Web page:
Parkinson’s disease knows no social, ethnic, economic or geographic boundaries and affects both men and women in nearly equal numbers. According to the National Parkinson Foundation, an estimated 60,000 new cases are diagnosed each year in the U.S. Typical treatments involve the use of medicines that attempt to either replace or mimic dopamine, however, researchers at Harvard Medical School recently published a study that examined how urate—an antioxidant produced by the human body—affected patients with early stage Parkinson’s and the outcome was encouraging: those with the highest amounts of urate in their blood were 36% less likely to need treatment within two years for early Parkinson’s symptoms than those with the lowest levels.
This study was conducted on the heels of a related and equally promising study from last year that followed 800 patients.
“Because urate is a natural antioxidant and because oxidative damage to brain cells is thought to contribute to Parkinson’s disease, epidemiologists wondered whether higher levels circulating within us could help prevent Parkinson’s disease amongst healthy individuals,” explained Michael Schwarzschild, MD, PhD, associate professor of neurology, Harvard Medical School, MassGeneral Institute for Neurodegenerative Disease, Massachusetts General Hospital in Boston, MA. “When they found that people with higher urate in their blood were in fact less likely to develop Parkinson’s disease, this prompted our research group to ask whether higher levels of urate in people who already have the disease might be predictive of slower rates of its progression.
“We’ve recently found that this is the case in two large studies, prompting us to begin to test whether Parkinson’s patients could benefit from a treatment that raises their blood and brain levels of urate,” he added.
The Harvard study, which was published in the Archives of Neurology (2009; 66 ), examined data on the urate levels of early Parkinson’s patients who took part in a two-year trial in the late 1980s. Scientists examined the blood urate levels of 774 patients and the antioxidant levels from frozen spinal fluid from 713 patients. Overall, 369 people (roughly 48%) of the 774 patients, exhibited enough of a disease progression to require drug therapy, the study said. Higher blood urate levels were correlated to a lower need for medication, the authors wrote. Similar findings were seen for urate levels in spinal fluid.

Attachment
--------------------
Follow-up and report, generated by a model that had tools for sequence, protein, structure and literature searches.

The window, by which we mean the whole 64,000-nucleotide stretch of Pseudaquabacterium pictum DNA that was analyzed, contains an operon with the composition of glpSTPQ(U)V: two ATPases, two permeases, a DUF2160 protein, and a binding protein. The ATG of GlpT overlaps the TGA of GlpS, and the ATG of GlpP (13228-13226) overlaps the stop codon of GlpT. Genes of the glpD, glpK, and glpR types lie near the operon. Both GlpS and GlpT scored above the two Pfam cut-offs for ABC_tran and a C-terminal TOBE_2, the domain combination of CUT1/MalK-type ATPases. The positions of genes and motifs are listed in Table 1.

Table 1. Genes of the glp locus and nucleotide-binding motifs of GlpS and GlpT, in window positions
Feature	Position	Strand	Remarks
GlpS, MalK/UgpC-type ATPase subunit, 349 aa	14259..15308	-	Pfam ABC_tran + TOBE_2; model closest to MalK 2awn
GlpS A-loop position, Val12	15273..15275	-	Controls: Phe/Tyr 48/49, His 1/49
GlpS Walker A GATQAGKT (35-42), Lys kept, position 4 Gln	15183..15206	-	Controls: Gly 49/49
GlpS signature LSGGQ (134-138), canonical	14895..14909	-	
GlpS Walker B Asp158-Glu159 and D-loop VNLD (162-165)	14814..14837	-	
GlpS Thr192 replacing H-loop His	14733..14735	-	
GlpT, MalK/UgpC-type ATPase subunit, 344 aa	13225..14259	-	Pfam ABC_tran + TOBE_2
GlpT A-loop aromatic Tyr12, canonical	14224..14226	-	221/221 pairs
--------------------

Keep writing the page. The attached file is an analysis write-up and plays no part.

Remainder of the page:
Researchers used the dietary supplement inosine, a precursor to urate, for the purposes of the study. This is not the first time inosine was investigated with regard to slowing or stopping the progression of Parkinson’s disease. It was also the subject of a Phase 2 clinical trial by the Michael J. Fox Foundation in 2008.
Inosine is widely available to consumers as a dietary supplement, however, Dr. Schwarzschild cautioned those who may be inclined to use the supplement to raise their own urate levels. “Because of known and theoretical risks of higher urate levels [gout, kidney stones and possibly heart disease], treatments to elevate it should only be pursued in the setting of carefully conducted clinical trials in which the potential risks and benefits are well balanced,” he said.
What’s also worth noting is that the study found that higher urate levels didn’t slow the progression of Parkinson’s in patient participants who were also receiving vitamin E. Researchers suggested that vitamin E at high doses might provide a “pro-oxidant” rather than antioxidant effect.
Dr. Schwarzschild said researchers are moving forward with their urate studies, currently testing the safety of increased urate levels in recently diagnosed Parkinson’s patients at 10 participating health centers across the country. “Although we have developed such a trial, at present it is available only for recently diagnosed Parkinson’s patients not yet taking medication for the disease, and only at certain Parkinson’s clinical centers across the U.S.,” he said. “Patients and their families should take heart that this urate clue is being pursued rapidly toward possible new therapies, and is one of many promising new strategies that offer hope for improved treatment.”